Ozark Poet Brenda Moossy passed away yesterday at her home in Fayetteville. Her loss is deeply felt in the Slam Community since Brenda was a very active part of the National Poetry Slam scene as a competitor, Treasurer for PSI, Inc., part of the Slam America bus tour and contributor to many Slam anthologies including Spoken Word Revolution. She was respected for her detail to craft and energy on the mic, Roger Bonair-Agard has told me that Brenda was the only poet he knew that had successfully slammed on the national level with a sestina.
I met Brenda in 2002 at two louderARTS readings. The first was for one of the very first times I was curating at Bar13. I was already stressed out about the curating since we were adding a lot of new elements to the night including musical accompaniment, collaborations and rearranged the setup of the room, but then, at the last minute, our feature canceled on us and we had to scramble to get someone new to cover. The night turned out fine and the new feature did great but the most calming presence in the room was Brenda Moossy. A fan of the louderARTS Collective, as it was known back then, Brenda was happy to be at Bar13 and offered to help out in any way possible. She took a spot right in the front row and was an attentive listener to every open micer, nodding her heads to strong lines, smiling when a strong image or unexpected turn developed on the stage, and then wildly clapping for every poet. I think the only reason we didn’t ask her to feature that night was because she was set to feature at our Brooklyn reading in a few nights.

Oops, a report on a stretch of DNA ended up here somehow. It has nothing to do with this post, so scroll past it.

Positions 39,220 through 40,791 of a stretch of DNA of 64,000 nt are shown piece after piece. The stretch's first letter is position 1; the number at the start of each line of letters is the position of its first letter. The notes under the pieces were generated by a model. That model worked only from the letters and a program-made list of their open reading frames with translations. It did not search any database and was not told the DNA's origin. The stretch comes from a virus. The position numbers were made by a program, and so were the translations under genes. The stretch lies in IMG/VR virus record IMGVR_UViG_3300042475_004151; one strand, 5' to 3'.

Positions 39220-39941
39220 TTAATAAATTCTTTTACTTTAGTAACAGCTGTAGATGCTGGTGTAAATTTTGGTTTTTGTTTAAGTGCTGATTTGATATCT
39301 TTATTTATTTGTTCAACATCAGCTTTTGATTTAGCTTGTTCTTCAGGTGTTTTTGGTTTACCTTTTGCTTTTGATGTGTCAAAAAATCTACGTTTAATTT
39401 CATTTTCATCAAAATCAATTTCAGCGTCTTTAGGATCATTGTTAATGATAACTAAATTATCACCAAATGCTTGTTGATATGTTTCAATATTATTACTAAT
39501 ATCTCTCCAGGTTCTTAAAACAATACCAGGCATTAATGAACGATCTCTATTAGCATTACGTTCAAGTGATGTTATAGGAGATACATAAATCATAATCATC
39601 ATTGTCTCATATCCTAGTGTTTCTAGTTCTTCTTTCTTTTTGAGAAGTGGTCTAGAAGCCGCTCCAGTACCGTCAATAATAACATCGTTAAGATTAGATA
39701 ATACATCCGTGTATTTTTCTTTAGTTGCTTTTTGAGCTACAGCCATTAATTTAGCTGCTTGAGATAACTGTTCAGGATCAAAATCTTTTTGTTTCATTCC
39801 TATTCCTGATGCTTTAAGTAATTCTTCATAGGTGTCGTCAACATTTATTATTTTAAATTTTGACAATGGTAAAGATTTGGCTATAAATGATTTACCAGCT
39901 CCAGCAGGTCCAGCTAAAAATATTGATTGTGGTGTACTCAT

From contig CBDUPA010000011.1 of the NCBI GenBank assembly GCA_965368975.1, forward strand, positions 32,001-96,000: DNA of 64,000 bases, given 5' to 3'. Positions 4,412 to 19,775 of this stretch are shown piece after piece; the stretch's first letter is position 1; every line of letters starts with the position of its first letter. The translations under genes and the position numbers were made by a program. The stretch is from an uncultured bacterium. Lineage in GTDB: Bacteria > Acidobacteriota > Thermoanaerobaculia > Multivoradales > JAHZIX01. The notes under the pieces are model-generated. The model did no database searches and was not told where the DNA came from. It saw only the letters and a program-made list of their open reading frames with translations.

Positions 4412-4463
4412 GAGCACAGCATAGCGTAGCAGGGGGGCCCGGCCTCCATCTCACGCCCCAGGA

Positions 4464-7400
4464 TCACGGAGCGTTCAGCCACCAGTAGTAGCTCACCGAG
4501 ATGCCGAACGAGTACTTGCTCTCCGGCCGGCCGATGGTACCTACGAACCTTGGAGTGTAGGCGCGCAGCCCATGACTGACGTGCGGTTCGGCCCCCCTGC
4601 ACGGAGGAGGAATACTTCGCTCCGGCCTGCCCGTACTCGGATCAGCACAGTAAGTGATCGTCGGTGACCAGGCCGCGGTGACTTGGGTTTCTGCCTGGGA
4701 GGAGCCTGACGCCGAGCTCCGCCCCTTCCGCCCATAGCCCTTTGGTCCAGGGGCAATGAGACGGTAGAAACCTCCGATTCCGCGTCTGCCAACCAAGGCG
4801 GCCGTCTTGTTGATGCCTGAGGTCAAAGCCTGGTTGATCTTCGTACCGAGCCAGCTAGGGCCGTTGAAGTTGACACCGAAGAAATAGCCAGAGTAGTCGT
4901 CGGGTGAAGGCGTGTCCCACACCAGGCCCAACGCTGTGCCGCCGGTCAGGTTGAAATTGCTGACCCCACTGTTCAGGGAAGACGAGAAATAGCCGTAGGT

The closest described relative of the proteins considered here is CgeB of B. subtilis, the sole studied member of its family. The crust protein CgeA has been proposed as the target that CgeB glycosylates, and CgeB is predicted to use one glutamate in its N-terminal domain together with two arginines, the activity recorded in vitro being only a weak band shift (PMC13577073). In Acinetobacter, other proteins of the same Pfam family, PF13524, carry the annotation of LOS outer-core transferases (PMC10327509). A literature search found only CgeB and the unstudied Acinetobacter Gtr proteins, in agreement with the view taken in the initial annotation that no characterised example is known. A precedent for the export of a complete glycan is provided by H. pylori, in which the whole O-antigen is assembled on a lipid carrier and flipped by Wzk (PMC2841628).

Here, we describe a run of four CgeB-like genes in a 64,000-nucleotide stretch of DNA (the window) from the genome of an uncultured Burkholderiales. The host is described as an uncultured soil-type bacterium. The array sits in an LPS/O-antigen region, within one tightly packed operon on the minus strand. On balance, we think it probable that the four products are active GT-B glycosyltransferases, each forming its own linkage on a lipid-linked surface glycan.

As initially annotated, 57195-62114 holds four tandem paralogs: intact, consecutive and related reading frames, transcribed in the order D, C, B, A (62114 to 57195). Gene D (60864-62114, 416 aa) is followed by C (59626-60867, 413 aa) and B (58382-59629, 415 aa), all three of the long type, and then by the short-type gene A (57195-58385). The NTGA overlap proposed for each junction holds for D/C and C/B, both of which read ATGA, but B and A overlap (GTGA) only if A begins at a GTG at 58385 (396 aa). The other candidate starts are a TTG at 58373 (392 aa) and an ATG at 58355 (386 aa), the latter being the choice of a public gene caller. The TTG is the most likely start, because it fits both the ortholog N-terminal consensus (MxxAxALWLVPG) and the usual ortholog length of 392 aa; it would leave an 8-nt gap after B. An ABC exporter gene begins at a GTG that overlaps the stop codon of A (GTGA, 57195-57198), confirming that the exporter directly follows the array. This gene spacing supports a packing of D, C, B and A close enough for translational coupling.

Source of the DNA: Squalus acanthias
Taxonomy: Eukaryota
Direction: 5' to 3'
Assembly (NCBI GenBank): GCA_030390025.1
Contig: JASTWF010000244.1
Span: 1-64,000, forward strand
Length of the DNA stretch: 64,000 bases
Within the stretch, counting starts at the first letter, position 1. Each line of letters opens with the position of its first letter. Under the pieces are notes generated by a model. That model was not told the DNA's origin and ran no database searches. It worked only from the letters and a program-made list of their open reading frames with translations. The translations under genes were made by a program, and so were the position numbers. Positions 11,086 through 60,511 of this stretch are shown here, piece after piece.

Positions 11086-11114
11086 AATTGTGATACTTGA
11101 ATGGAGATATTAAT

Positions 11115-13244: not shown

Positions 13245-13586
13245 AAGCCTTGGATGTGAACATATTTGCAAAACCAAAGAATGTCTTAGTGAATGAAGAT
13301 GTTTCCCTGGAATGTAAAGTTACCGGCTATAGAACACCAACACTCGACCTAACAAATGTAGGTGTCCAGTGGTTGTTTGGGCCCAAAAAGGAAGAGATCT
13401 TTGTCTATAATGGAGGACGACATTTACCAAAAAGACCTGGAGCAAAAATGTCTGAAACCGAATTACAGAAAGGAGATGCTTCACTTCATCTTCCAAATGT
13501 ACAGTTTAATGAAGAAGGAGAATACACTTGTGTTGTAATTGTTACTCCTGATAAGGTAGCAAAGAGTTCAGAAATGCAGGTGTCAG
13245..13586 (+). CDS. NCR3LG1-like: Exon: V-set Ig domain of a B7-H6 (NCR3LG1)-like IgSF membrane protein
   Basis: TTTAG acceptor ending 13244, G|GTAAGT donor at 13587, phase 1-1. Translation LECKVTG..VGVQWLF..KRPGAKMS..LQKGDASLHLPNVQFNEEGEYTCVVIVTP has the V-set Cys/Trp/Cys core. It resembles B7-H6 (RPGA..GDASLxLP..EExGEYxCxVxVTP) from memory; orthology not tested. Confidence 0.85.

She brought her same enthusiastic energy to Morgie’s Cafe, the home of louderARTS South, both as a listener and the feature. On the mic she was happy to share her experiences from the Ozarks and let us know how different things in New York might be but that the feeling of poetry was just as strong in both places and wherever there was a good venue that she could share her words, she was always at home.
I’m sorry that our paths never crossed again since that spirit of community and wonder (so often taken for granted) is something that I need to always be reminded of.